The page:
Sleep Deprived Bro-Out to Ottawa. Ari Snores.

We left New York as a 3 car convoy on the 2nd. We were headed for Ottawa, which was to be a 7 hour drive, minus the border wait. The beauty of these tours lies in the en-route conversation. There's always the inevitable bro-out, but things eventually turn to music and I'll go as far as to say that I learn more about composition, improvisation, and performance in these sessions than anywhere else. It was clear that no one had really slept very much, and driving all day didn't help. We got to the border around nightfall (if anyone would like to hear our border story, feel free to contact me...) We got to “The Avant Garde Bar” with just enough time to unload the gear, meet up with Raymond (Gab had to take the bus from NY to Montreal and pick up a car along with Raymond, then drive to Ottawa) and eat for 45 minutes before the “Richard Page Nonet” was to begin.

Ottawa Welcome

Squeezing on stage (Brett Delmage - Photo)

 It was great to hear them play, I'd never heard any of the local Ottawa musicians other than Richard before. Richard has this great fire-in-the-belly tenor sound; another standout was Ed Lister on trumpet. After their set, we began the seemingly impossible task of fitting 19 musicians on the stage. Our set began with a sizeable amount of people in the venue (including 2 people who had taken part in the “National Bike Ride For Youth”!) We began with “Hope” once again, and the audience became very focused and energetic. It felt great to be in a new city and feel such amazing enthusiasm. People were coming in off the street, fuelling the energy that the band was gaining. I suppose having sat in a car all day and driving North towards the cold doesn't sound too promising, and they needed to let out some steam. This is what the entire Ottawa gig was like, tons of energy both from the band and audience, and a lot of chances were taken musically, including a 2&4 backbeat-clap started by Ari over Kurtis' solo on the “FB Generation” (by far the best trombone solo in this bands history). I still have yet to get the recording of this show, I'm looking forward to hearing it...

Richard + Crowd during our set (Brett Delmage - Photo)

 After the gig we had time for a quick beer, I was asked to do a brief interview for “Ottawa Jazz Scene” with a charming Alayne McGregor, which can be found here. I had several people come up to me saying they'd never seen anything like that in Ottawa: mission accomplished I guess... A man named John Sobol emailed a few days after the show alerting me to a blog post he had written about the show, which I found to be tremendously eloquent and with a refreshing take on music in general. He's coined the band as “Post-Modern Canadian Music” (by way of the Nick Payton jazz-world hoopla), which is as close as anyone is gonna get to describing the music. Thanks John. This can be found here.  Highly recommended! We packed up the car and drove 2 hours to Montreal.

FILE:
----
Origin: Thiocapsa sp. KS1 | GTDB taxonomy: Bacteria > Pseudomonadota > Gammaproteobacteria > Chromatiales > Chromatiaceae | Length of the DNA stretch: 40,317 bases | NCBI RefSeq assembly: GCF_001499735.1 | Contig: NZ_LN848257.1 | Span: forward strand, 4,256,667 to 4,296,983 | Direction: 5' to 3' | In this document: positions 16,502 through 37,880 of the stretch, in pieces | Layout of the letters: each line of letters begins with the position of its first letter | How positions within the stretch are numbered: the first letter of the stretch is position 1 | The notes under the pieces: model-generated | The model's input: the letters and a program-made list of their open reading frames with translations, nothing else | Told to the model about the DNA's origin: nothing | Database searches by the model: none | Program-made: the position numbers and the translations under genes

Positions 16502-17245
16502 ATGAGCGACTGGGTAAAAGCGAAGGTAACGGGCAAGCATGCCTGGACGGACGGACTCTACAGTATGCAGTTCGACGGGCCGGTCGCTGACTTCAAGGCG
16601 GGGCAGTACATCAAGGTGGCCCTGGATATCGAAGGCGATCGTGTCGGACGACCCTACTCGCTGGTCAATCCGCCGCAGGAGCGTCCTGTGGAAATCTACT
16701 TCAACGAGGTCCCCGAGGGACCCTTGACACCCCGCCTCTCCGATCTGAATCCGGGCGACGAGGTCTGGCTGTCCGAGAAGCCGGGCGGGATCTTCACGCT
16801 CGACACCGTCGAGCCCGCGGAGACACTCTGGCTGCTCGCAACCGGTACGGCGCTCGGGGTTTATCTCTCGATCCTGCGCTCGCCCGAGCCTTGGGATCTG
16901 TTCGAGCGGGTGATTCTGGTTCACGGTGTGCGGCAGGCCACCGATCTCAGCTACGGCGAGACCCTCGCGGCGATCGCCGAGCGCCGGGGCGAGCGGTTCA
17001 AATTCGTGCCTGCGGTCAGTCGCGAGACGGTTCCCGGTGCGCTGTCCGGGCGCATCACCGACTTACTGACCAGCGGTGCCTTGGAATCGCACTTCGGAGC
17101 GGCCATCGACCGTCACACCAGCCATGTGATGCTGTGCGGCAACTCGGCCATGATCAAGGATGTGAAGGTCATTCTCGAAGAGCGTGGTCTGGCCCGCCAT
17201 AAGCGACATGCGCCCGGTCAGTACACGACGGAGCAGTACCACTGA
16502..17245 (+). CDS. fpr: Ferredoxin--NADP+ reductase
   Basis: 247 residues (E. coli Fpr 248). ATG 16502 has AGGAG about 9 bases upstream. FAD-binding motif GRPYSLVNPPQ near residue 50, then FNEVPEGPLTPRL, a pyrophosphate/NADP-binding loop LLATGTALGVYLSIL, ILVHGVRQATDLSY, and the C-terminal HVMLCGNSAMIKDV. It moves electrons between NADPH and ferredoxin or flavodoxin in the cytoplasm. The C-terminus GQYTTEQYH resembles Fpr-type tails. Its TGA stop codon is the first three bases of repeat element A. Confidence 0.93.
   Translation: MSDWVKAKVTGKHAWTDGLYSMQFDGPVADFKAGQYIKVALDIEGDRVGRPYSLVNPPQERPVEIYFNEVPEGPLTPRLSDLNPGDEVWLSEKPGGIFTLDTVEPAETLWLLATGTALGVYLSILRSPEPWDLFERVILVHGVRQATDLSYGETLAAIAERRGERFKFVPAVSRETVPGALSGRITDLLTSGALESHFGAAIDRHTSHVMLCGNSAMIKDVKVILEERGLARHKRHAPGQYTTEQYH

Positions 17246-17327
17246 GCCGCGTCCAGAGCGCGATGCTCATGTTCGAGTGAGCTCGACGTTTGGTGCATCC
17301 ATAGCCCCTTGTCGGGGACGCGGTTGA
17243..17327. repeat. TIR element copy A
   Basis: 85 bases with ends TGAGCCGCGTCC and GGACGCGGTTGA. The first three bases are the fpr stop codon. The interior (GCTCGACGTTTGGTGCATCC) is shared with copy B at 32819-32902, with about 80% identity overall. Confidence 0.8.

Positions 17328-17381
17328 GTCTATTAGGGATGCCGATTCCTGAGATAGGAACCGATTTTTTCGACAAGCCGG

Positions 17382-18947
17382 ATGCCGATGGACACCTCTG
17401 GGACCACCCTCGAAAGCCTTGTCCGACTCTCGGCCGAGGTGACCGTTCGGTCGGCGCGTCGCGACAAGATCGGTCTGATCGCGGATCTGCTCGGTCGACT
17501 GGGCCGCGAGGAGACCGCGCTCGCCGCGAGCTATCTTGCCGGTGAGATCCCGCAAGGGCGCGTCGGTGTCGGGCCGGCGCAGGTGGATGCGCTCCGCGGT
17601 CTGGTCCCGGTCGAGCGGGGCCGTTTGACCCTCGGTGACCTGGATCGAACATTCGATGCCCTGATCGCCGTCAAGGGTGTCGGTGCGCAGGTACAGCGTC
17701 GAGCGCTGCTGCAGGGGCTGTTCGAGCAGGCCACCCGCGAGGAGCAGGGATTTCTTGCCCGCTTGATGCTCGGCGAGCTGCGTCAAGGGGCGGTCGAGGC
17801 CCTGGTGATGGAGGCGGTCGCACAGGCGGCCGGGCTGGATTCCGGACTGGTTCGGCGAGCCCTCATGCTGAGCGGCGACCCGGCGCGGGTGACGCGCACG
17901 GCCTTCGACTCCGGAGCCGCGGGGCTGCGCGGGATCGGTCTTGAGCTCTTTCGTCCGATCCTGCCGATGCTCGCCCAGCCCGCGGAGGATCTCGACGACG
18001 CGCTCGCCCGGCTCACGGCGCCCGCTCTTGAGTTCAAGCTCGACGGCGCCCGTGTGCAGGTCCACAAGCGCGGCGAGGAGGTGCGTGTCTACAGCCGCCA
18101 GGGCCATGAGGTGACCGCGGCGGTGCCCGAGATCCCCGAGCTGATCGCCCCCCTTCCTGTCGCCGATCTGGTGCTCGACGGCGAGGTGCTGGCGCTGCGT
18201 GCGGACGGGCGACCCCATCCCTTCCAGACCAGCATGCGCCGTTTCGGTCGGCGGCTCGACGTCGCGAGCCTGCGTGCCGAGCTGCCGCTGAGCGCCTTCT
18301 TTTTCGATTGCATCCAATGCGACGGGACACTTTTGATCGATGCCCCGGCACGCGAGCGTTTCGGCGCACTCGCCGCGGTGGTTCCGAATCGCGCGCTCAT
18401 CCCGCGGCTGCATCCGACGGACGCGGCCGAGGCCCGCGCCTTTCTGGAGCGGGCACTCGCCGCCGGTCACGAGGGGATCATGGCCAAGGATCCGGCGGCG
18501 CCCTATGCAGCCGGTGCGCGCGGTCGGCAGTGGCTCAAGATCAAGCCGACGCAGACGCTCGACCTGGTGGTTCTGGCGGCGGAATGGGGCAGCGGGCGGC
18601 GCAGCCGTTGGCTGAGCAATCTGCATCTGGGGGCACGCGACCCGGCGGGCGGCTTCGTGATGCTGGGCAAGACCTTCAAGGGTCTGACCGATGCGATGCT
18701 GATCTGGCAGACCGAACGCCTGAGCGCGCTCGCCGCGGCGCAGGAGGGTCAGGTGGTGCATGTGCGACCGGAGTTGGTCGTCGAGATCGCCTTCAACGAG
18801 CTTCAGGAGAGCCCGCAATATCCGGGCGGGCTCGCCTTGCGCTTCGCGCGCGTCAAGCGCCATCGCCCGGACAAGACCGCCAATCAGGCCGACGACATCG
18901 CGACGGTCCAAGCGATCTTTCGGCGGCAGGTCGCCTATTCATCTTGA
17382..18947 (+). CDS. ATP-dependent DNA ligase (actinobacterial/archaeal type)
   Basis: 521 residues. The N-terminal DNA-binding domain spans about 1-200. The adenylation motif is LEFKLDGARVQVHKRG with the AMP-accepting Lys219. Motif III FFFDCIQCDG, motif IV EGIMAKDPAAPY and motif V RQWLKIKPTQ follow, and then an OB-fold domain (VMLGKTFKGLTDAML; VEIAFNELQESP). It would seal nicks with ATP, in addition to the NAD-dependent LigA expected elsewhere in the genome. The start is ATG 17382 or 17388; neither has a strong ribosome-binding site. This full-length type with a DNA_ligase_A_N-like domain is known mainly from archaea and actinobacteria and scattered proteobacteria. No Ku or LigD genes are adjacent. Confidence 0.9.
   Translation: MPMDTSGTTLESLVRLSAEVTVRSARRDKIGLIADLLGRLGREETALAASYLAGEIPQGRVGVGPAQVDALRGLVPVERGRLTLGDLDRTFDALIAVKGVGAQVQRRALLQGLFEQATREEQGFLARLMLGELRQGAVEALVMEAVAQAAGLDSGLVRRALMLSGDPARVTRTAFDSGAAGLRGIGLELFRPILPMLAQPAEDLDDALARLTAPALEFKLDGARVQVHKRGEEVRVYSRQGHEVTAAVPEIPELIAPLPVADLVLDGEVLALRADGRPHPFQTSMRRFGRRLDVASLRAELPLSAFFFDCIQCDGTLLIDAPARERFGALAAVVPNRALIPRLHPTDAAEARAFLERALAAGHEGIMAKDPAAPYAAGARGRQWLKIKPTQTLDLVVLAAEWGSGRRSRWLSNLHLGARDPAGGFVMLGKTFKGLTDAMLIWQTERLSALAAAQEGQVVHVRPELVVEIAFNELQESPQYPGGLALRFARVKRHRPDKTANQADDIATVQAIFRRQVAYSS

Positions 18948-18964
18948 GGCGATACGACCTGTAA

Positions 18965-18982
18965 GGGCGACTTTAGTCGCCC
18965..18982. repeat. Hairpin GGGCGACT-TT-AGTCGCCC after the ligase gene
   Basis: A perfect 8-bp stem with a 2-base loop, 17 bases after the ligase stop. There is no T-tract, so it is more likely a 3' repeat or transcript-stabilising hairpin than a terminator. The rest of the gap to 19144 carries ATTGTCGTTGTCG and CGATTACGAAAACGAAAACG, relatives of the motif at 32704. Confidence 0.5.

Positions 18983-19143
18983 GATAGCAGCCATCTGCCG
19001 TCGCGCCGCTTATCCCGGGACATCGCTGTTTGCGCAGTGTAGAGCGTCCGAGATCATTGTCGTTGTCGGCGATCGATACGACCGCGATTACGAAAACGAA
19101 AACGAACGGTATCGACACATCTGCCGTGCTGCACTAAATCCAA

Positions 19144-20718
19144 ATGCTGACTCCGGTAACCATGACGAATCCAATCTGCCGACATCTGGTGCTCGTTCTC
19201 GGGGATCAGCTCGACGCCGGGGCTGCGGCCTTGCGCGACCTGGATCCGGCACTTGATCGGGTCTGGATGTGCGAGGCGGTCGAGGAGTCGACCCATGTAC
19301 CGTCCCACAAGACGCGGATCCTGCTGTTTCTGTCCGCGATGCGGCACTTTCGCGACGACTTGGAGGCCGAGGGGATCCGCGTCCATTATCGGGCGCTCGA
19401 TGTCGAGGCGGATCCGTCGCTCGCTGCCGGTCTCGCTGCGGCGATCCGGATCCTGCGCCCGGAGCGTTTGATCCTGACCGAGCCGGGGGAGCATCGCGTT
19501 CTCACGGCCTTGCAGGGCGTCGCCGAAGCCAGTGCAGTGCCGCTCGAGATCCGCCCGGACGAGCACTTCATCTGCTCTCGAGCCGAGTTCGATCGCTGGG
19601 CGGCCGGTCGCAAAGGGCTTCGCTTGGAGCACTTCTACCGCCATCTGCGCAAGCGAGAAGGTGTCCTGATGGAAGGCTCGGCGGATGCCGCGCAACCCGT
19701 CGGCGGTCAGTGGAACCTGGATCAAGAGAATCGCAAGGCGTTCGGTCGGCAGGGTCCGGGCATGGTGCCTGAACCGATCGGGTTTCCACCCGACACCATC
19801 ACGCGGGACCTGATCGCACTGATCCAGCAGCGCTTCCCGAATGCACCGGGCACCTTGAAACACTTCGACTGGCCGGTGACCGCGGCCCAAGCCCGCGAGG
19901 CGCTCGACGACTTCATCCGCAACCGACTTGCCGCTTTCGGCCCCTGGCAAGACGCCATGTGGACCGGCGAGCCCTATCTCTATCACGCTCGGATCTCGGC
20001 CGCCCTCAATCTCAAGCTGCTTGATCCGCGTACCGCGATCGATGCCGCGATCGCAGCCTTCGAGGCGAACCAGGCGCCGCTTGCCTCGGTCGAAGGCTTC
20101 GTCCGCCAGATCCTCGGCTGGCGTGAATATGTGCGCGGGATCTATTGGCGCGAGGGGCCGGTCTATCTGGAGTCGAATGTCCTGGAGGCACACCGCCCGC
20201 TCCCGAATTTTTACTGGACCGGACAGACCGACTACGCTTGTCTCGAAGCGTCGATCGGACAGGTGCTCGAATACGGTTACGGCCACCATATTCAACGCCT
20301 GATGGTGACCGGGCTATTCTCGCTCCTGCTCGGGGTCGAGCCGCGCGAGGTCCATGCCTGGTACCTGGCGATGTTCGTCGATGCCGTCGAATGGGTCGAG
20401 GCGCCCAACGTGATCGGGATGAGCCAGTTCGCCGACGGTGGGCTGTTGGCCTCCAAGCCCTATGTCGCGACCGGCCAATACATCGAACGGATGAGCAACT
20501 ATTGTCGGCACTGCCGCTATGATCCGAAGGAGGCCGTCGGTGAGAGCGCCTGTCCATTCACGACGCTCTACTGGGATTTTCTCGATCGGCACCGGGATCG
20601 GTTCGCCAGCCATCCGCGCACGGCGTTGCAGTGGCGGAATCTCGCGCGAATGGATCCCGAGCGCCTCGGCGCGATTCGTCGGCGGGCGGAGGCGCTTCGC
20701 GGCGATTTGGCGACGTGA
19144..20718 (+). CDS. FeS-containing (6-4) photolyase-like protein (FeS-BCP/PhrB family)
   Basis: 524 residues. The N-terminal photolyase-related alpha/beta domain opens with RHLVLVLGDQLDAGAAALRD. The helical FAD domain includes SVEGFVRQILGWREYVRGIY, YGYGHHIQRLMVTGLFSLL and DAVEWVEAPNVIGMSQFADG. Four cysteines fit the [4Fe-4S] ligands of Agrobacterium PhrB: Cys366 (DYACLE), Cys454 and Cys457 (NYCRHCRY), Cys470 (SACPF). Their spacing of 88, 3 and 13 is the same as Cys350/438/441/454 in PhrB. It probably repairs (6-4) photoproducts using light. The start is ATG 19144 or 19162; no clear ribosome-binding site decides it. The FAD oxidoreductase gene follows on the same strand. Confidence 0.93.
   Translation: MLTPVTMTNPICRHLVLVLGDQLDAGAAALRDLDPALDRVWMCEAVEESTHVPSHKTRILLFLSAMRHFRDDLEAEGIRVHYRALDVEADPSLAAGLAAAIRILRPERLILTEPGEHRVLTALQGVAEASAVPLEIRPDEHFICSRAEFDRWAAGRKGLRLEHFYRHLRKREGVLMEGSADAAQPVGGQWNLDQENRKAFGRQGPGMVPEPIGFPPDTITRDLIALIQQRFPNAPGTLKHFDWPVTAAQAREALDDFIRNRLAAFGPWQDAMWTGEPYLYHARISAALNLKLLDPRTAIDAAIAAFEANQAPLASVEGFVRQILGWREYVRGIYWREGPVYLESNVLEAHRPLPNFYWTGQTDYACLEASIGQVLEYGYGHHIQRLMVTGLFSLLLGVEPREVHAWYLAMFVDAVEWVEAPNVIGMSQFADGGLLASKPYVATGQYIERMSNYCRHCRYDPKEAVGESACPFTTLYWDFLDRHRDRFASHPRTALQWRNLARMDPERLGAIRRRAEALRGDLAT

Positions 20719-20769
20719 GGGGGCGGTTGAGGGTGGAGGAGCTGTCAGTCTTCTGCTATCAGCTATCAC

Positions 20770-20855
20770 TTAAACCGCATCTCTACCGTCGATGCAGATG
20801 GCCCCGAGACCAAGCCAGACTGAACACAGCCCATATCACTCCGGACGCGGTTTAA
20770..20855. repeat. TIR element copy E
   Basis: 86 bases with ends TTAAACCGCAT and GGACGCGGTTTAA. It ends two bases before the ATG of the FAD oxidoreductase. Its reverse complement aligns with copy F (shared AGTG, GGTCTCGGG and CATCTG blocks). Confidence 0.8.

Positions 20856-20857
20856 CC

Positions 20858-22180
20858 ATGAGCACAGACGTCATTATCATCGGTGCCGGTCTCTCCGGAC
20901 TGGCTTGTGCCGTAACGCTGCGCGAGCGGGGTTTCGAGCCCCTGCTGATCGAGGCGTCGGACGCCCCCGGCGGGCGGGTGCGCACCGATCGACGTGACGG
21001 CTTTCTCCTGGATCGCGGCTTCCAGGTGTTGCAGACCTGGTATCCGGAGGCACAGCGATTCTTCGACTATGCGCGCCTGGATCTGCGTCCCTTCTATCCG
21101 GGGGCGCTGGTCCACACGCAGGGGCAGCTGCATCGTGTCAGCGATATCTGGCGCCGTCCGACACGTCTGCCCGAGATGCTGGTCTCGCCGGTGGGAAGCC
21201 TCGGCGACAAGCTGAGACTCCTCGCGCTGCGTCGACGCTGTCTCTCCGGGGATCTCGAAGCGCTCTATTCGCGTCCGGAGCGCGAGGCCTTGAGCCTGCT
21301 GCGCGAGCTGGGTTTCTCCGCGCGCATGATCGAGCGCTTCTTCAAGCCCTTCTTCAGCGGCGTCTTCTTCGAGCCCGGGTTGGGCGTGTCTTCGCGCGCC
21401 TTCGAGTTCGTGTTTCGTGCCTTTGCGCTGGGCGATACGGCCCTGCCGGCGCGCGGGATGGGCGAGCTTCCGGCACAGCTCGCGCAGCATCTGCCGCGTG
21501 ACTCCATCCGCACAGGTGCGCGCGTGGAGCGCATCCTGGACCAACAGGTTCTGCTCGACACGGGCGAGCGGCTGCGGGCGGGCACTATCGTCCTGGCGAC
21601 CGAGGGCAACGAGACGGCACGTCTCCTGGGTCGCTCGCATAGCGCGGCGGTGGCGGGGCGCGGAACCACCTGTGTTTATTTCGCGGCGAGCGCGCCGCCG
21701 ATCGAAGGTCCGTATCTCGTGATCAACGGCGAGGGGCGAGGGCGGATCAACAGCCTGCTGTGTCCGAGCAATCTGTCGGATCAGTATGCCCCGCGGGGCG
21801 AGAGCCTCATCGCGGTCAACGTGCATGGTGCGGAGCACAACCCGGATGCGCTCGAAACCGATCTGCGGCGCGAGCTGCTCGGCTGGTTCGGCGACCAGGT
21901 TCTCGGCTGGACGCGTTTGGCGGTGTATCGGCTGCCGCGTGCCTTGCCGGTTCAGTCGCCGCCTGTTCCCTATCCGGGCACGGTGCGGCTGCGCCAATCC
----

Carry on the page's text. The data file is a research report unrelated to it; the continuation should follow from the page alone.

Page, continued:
I woke up early the following morning for the McGill recording. This went until midnight. The next two days were free, so I used it as an opportunity to show the band members Montreal as I know it, including a full band + friends party, on the 3rd, and an “Occupy Jazz” jam session at “Upstairs Jazz Club” on the 4th.

Michael and Levon serving 25 people pasta
Ari and Austin occupying jazz

We left Montreal for Toronto 's “Trane Studio” at around 10am the next day. The drive is about 6 hours long, which we split into two parts and unsurprisingly took us much longer... During our lunch break, Yacine was taking something out of the back of my car and the bari case fell onto his tenor case, resulting in a broken horn...  We had the luxury of traveling in a car with a DVD player, and decided to buy "Cliffhanger" with Sylvester Stallone to watch for the rest of the way. Terrible idea. Arthur and Ari explain:

The Trane Studio
Just like the Ottawa gig, we arrived with enough time to unload the gear, and grab a bite to eat before the first set.  I called my friend Seb who attends Humber College, and he managed to find a horn for Yacine. We were expected to play 2 one hour sets. The first set went by great; I think this was the best set (musically speaking) of the whole tour. There were great crowds for both sets, including many of my friends who are now living in Toronto. After the gig, we began to pack up for the drive home (overnight...) and I had a dispute with the owner over money. It's a long story that I'd rather not go through, but I can say that I will not be returning to the Trane Studio.

After soundcheck at the Segal Centre (minus Colin, Felix, and Gab)

We got in to Montreal around 6:30 am. We slept, ate, and got ready to head to the soundcheck at the “Segal Centre”. This was to be the big concert of the tour. Having played at a “gathering”, a bar, and a jazz club, the band was a little thrown off by this night's setting. There was a unanimous feeling that something wasn't quite right in Montreal: one explanation was that we'd driven 14 hours in a day and slept very little, the other explanation was that we were used to being a little closer to the audience and having a looser feeling in the room where people were free to hoot and holler if they felt so inclined... I think it was a mixture of both. 

Sayre and the saxes

 Regardless, the show was amazingly attended, thanks in large part to everyone that had helped promote the show (Ali Levy being the hero in this department).  Many of the pictures on this post are by Evan Shay, an INCREDIBLE photographer, it's absolutely worth it to take some time and check out his website to see his work (there are more from the Montreal show there as well)!  Part of the show was also filmed by Claude Thibault who runs "Sorties Jazz Nights Montreal", and this can be found here. (Austin, Matt, and Arthur sound AMAZING on that solo!)